So the fact that we know that Prince Dhutmose even existed is a miracle, as he did not outlive his father and become Pharaoh.  Although we do not know many details of his life, he seems to have been born between years 16-19 of his father’s reign and have died young sometime between years 25-30.  His titles were listed on Ta-miu’s sarcophagus as ‘Crown Prince, Overseer of the Priests of Upper and Lower Egypt, High Priest of Ptah in Memphis and Sm-Priest (of Ptah)’, so he could well have spent much of his short life in Egypt’s ancient capital Memphis.  As he was young, we also do not know whether these titles were purely honorary or whether he did undertake priestly duties in the temple of Ptah.  However, there is evidence that he officiated at the burial of one of the first Apis bulls at Saqqara, the large royal necropolis over on the west bank of the Nile from Memphis.  He may also have had connections to the military as an ivory whip found in the tomb of the boy king Tutankhamun is inscribed with the titles ‘The King’s son, the troop commander, Thutmose, repeating of births’, although again we cannot really be sure that the whip’s owner was our Dhutmose and not another royal prince with the same name.

How Prince Dhutmose died or his exact age at death is unknown, but his demise paved the way for the emergence of his younger brother Prince Amenophis onto the political scene.  It is interesting to speculate what would have happened if the young prince had lived and had succeeded to his father’s throne.  Would he have led Egypt away from the worship of Amen and the traditional gods as his brother was to do, or did he share Akhenaten’s beliefs in the pre-eminence of the Aten?  Prince Dhutmose’s tomb has never been discovered, but there is a mummy that was discovered in the KV35 cache in the tomb of Amenophis II that has been identified by some as his remains, although others think that it may be Prince Webensenu, a son of Amenophis II, as some of his canopic jars were also found in the tomb.  The mummy is of a young boy of around 11 years of age, who still wears the sidelock of youth, and his identification as Prince Dhutmose comes from the proximity of the remains to another mummy known as the ‘elder lady’ who has been identified through DNA analysis as being Queen Tiye, his mother.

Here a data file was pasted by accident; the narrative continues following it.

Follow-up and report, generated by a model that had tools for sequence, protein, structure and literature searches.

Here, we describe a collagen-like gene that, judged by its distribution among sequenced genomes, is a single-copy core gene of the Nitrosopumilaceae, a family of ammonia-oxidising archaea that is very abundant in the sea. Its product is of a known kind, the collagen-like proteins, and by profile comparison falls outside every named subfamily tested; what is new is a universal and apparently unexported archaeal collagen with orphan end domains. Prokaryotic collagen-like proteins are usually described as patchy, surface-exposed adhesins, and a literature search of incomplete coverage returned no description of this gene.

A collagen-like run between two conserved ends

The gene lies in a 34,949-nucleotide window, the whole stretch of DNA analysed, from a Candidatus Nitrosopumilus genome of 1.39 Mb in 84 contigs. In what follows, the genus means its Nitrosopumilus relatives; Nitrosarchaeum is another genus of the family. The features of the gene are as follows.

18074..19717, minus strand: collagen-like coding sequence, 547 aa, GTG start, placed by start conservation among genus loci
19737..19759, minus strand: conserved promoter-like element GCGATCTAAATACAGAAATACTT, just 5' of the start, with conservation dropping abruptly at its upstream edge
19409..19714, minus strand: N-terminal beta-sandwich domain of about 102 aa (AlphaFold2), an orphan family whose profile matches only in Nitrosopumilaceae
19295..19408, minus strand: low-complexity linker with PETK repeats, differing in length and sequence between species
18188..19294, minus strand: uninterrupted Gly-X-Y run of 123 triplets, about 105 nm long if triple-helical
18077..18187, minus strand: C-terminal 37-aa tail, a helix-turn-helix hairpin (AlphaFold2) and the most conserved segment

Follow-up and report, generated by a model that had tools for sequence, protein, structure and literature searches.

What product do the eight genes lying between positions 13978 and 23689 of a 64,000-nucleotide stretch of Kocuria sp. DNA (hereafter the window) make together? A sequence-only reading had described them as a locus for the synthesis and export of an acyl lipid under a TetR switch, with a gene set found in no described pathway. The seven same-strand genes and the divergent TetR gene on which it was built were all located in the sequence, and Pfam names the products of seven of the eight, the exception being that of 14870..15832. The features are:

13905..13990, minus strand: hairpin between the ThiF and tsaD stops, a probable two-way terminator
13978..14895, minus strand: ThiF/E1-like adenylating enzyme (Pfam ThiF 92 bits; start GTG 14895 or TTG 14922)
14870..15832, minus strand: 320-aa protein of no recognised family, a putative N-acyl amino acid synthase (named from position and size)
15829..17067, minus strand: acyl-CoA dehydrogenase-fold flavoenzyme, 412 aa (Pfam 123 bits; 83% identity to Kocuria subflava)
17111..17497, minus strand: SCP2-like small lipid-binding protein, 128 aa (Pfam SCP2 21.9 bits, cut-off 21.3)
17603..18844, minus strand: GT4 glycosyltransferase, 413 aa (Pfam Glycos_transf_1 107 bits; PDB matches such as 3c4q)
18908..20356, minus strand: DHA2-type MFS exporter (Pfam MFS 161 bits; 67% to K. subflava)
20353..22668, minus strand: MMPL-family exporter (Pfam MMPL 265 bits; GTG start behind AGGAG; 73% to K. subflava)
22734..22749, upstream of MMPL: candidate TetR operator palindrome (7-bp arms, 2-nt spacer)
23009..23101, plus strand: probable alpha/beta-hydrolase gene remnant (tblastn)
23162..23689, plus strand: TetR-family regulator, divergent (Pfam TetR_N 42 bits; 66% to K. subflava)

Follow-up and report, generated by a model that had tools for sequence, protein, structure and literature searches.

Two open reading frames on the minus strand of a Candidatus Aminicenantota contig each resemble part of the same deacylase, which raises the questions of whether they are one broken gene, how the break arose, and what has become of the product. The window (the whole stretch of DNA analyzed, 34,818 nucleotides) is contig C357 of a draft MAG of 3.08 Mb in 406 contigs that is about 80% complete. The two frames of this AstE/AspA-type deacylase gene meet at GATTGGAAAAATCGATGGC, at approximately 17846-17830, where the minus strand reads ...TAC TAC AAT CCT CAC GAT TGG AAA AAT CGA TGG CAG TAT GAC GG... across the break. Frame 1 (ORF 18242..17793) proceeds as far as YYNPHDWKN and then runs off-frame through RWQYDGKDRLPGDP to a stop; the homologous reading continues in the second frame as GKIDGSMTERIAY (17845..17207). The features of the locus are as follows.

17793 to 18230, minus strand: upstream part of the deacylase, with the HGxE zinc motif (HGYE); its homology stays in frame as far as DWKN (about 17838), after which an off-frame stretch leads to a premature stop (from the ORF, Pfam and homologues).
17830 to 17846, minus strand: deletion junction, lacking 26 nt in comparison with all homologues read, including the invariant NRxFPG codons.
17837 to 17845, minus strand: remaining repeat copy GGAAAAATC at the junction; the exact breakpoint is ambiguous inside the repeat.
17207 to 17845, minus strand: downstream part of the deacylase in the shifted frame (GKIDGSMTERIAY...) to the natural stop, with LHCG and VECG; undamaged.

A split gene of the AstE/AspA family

Maybe there is more evidence of Prince Dhutmose still to be excavated from beneath the shifting sands off Egypt and we will be able to piece together some more of the details of his life?  Maybe even his tomb is still out there somewhere in the hills of Thebes or in the necropolis of Saqqara waiting to be found?  But the one thing we do know is that the young prince dearly loved his cat.

Sarcophagus of Prince Thutmose's cat Ta-miu image, Larazoni Wikimedia Creative Commons Attribution 2.0 Generic

No comments:

Post a Comment

Thank you for leaving a comment and your interest in 'The Aten Sequence' books. Please be aware that all comments are moderated before posting and any containing abusive language, deemed to be spam or linking to adult/illegal content will be deleted